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    (Original post by JamesF)
    If you dont know about modulo arithmetic then you could do it like this instead, the same, but not as neat.
    4 = 3+1
    4^n = 3^n + ....(nCr)3^r.......+ 1, so each term apart from the last is a multiple of 3. Take the 1 away and your left with a multiple of 3.
    Why not generalise it then:

    (n^m - 1 ) mod (n-1) = 0
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    (Original post by figgetyfig)
    lol, I feel a little stupid looking at all this, because I immediately thought of induction, and not any of the other methods. Anyway, I know this has been done, but just to prove that I can...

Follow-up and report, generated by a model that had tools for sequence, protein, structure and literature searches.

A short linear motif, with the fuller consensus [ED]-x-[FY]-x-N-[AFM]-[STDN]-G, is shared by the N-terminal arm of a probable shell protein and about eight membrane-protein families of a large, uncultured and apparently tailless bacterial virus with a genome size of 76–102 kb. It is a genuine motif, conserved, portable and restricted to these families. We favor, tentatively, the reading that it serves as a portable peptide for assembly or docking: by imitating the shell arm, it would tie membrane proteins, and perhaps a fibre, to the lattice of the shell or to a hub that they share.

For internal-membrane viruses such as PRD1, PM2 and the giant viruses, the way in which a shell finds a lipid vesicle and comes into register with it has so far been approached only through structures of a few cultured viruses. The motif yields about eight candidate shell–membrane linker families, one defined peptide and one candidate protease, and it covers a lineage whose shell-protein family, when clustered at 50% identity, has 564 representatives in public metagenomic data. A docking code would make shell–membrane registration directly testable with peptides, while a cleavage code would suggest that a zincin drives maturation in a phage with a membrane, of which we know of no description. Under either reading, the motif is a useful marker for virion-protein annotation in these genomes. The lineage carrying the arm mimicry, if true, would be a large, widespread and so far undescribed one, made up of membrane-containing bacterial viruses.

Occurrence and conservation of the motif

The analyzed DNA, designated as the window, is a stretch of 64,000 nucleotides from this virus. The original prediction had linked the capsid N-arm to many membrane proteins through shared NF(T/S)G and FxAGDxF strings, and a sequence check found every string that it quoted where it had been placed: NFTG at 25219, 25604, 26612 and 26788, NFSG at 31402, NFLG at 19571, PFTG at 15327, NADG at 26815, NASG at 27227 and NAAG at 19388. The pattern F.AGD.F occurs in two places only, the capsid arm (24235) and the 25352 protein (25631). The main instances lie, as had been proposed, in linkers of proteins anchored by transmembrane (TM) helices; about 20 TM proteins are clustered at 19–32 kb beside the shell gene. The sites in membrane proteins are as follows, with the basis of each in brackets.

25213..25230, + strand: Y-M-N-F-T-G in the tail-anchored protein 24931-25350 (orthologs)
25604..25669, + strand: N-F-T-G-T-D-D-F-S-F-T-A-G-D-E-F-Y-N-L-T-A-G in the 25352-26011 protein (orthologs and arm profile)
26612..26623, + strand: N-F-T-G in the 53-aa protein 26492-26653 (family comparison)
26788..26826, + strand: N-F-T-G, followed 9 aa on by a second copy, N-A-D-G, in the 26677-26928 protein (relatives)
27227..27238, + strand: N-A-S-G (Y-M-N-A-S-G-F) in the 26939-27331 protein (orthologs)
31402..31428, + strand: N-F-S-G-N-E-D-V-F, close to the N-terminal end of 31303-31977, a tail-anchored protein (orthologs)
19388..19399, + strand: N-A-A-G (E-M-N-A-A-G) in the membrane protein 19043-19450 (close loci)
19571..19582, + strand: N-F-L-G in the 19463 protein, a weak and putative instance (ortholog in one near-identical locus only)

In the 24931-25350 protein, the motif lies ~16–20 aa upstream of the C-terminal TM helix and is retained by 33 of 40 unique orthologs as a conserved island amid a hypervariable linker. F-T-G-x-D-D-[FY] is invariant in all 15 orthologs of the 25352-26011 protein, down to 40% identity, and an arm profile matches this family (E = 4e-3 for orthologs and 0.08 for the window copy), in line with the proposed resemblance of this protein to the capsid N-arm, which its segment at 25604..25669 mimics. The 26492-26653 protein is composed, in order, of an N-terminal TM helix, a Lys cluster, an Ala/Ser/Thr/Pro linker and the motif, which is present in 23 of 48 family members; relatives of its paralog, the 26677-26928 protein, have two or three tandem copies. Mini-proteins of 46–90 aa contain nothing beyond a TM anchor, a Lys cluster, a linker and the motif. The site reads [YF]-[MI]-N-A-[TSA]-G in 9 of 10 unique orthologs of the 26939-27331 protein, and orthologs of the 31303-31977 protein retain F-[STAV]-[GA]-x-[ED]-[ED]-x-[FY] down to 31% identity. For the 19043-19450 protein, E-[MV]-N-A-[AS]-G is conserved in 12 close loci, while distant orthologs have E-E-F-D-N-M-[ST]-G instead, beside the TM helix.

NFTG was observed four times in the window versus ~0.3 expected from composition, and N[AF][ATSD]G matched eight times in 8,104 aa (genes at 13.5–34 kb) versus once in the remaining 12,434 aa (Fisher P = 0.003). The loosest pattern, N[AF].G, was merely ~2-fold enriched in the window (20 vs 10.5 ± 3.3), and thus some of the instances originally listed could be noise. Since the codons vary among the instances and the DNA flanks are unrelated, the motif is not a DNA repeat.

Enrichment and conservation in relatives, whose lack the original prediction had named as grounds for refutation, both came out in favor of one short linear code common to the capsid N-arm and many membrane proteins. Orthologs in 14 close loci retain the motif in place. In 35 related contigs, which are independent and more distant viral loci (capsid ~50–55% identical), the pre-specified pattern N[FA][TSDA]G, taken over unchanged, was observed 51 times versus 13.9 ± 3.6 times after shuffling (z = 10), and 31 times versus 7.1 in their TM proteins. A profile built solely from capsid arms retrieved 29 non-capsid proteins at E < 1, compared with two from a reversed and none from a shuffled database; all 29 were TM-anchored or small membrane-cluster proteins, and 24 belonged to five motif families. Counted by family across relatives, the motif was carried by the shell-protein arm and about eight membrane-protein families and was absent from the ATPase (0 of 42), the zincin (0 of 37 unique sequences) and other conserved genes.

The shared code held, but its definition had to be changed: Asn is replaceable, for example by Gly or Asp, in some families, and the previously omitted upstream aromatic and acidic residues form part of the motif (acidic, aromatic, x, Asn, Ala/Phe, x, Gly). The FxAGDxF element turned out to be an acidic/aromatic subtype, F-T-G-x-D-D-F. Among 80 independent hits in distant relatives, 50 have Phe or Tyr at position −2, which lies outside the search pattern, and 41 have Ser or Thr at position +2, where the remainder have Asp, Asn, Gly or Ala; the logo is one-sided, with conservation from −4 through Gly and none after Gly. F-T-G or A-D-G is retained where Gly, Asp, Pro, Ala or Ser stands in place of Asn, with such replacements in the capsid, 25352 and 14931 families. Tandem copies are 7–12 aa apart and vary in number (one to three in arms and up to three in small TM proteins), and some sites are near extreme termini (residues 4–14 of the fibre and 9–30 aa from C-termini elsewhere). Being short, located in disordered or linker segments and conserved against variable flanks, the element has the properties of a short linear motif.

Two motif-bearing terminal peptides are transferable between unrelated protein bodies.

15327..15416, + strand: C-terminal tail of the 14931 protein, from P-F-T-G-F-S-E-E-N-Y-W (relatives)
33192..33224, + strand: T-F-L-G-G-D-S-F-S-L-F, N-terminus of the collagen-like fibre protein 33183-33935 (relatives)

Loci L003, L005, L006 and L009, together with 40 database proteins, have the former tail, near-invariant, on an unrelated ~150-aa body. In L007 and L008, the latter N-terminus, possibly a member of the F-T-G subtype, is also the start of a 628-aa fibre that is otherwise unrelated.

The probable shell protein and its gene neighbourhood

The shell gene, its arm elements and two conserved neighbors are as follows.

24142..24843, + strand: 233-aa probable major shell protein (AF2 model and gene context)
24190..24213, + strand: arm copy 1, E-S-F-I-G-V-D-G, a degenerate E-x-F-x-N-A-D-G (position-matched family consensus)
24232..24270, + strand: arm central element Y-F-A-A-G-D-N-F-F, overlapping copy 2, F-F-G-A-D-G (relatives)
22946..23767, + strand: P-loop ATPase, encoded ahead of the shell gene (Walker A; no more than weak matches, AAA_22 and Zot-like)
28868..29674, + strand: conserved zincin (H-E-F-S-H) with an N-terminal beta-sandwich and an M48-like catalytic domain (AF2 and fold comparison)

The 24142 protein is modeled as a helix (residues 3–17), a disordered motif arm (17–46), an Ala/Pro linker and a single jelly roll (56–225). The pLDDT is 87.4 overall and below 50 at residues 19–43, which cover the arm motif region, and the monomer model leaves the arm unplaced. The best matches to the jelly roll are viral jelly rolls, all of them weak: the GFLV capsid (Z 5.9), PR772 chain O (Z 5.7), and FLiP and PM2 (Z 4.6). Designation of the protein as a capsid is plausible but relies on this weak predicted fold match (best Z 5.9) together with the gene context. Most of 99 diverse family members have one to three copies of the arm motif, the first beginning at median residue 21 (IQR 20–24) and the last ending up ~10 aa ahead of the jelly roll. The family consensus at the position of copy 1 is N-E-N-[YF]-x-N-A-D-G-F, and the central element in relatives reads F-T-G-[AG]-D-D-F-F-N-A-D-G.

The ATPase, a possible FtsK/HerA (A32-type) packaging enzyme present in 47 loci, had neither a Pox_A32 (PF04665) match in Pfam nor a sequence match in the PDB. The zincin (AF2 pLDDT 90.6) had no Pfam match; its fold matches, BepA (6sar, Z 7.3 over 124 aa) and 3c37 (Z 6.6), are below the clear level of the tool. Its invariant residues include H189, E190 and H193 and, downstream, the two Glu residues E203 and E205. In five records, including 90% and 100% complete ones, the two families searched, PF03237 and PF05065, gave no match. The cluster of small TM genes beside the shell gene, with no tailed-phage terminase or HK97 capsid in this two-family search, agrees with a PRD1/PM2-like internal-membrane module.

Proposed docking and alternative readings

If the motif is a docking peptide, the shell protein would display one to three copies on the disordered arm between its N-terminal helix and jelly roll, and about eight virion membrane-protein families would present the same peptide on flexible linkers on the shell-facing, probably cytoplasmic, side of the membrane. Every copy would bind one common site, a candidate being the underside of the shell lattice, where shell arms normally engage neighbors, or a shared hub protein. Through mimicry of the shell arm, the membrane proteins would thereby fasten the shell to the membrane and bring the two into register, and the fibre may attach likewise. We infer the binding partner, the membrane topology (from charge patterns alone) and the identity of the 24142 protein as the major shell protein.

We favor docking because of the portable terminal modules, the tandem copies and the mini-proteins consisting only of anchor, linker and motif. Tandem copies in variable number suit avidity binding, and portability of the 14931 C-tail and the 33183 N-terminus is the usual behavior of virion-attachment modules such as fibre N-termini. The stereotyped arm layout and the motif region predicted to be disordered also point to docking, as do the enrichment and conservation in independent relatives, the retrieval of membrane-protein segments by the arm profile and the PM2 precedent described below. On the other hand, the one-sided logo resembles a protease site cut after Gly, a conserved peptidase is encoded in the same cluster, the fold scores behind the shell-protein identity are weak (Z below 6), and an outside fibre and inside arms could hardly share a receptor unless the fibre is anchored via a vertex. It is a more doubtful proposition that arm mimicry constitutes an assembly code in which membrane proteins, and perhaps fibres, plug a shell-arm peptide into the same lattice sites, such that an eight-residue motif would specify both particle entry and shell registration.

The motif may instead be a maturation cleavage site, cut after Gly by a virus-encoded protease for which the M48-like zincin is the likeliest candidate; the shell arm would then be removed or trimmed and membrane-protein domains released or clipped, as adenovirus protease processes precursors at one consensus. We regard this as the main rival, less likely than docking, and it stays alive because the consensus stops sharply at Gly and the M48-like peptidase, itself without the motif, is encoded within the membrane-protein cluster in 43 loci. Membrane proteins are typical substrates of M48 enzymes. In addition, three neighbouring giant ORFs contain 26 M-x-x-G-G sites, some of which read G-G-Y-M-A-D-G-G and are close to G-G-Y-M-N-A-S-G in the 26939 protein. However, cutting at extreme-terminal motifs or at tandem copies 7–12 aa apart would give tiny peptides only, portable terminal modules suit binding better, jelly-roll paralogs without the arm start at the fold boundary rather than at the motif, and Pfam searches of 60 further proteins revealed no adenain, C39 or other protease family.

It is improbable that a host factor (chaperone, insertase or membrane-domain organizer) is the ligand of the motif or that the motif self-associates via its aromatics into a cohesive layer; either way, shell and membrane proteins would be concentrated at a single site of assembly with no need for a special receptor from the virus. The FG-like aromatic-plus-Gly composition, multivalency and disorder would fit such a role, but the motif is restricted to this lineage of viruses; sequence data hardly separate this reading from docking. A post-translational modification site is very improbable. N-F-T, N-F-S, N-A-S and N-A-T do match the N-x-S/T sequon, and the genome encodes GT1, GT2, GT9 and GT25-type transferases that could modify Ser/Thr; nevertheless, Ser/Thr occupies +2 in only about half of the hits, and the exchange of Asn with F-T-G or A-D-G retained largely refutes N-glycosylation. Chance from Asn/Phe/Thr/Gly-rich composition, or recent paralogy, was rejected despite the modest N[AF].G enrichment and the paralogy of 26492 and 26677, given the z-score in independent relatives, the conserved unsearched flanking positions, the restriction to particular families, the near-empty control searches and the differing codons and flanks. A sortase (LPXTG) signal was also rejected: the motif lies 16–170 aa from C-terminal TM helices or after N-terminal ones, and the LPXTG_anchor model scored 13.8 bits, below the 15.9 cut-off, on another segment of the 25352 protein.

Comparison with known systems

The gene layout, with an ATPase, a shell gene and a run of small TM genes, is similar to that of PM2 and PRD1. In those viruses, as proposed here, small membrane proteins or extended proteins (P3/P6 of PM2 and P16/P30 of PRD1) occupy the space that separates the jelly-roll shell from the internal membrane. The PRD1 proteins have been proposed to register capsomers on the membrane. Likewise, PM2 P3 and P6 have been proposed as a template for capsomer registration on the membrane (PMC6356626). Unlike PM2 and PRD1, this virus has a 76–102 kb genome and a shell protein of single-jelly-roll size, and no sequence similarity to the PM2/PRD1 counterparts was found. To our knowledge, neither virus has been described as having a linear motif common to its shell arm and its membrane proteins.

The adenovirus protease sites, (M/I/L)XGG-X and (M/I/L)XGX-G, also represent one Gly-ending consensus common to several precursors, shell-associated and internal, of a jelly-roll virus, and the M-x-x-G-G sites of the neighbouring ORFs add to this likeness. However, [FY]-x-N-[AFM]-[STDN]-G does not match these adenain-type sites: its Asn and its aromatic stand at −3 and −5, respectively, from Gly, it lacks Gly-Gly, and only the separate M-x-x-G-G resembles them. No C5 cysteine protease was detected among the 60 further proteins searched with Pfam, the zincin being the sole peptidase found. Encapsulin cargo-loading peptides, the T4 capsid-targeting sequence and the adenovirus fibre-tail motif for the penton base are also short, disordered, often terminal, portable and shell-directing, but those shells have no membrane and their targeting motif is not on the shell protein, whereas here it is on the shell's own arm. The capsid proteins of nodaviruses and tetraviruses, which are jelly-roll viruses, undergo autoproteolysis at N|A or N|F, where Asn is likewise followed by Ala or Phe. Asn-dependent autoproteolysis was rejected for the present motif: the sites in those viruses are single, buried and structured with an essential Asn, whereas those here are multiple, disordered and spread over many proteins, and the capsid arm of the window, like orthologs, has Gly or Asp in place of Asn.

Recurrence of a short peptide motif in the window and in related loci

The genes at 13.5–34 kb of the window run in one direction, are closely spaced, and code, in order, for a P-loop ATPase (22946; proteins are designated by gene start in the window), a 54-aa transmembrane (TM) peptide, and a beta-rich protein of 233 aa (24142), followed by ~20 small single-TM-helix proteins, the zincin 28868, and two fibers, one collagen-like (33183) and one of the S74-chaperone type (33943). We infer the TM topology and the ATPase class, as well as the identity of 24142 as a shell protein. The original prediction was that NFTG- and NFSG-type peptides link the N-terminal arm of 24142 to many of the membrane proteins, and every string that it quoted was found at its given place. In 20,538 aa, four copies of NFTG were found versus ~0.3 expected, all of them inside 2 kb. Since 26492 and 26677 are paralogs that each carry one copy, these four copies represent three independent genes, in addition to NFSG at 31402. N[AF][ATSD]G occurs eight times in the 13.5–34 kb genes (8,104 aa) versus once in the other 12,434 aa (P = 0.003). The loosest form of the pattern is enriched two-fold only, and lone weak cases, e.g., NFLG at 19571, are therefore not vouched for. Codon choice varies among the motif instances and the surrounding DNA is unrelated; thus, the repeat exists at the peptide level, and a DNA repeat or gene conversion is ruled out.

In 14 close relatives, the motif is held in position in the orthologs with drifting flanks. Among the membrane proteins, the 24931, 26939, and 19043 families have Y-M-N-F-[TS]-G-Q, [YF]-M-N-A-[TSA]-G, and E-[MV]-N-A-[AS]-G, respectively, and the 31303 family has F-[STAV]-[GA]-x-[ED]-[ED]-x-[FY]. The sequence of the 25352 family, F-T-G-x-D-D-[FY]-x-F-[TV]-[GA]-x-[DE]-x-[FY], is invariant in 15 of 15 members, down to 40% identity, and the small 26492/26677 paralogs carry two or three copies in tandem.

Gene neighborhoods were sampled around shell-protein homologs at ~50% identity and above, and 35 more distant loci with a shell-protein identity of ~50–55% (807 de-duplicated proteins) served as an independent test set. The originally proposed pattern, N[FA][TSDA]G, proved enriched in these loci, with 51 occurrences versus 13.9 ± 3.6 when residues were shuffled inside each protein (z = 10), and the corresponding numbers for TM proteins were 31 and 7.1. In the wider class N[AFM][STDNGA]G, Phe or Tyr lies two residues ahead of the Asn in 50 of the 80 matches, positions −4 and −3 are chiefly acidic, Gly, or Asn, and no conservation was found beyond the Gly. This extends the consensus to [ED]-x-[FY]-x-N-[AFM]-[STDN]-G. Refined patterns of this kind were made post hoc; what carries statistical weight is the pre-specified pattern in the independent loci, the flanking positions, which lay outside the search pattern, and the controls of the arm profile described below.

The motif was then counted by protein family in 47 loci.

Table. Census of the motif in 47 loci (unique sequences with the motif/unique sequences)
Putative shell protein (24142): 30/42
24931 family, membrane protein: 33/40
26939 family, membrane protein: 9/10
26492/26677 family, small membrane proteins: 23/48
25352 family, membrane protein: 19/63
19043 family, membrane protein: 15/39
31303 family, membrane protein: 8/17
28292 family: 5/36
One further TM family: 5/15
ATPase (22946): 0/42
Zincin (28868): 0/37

assume true for n=k
    4^k -1 = 3M (where M is an integer)
    therefore 4^k = 3M+1

    for n=k+1,
    4^(k+1) = 4x4^k
    therefore 4^(k+1) -1 = 4(3M+1) -1
    = 12M+3
    = 3(4M + 1)
    which is divisible by 3.

    If true for n=k, then true for n=k+1
    when n=1, 4^n -1 = 1-1 = 0, which is divisible by 3 (even though its not a multiple)
    when n=2, 4^n -1 = 16-1 = 15, which is divisible by 3.
    therefore true for all positive integer values of n.
    Yeh same here.............induction came straight to my head too, i didn't dare think of the way these other peeps did it!!!
 
 
 
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Updated: July 10, 2004
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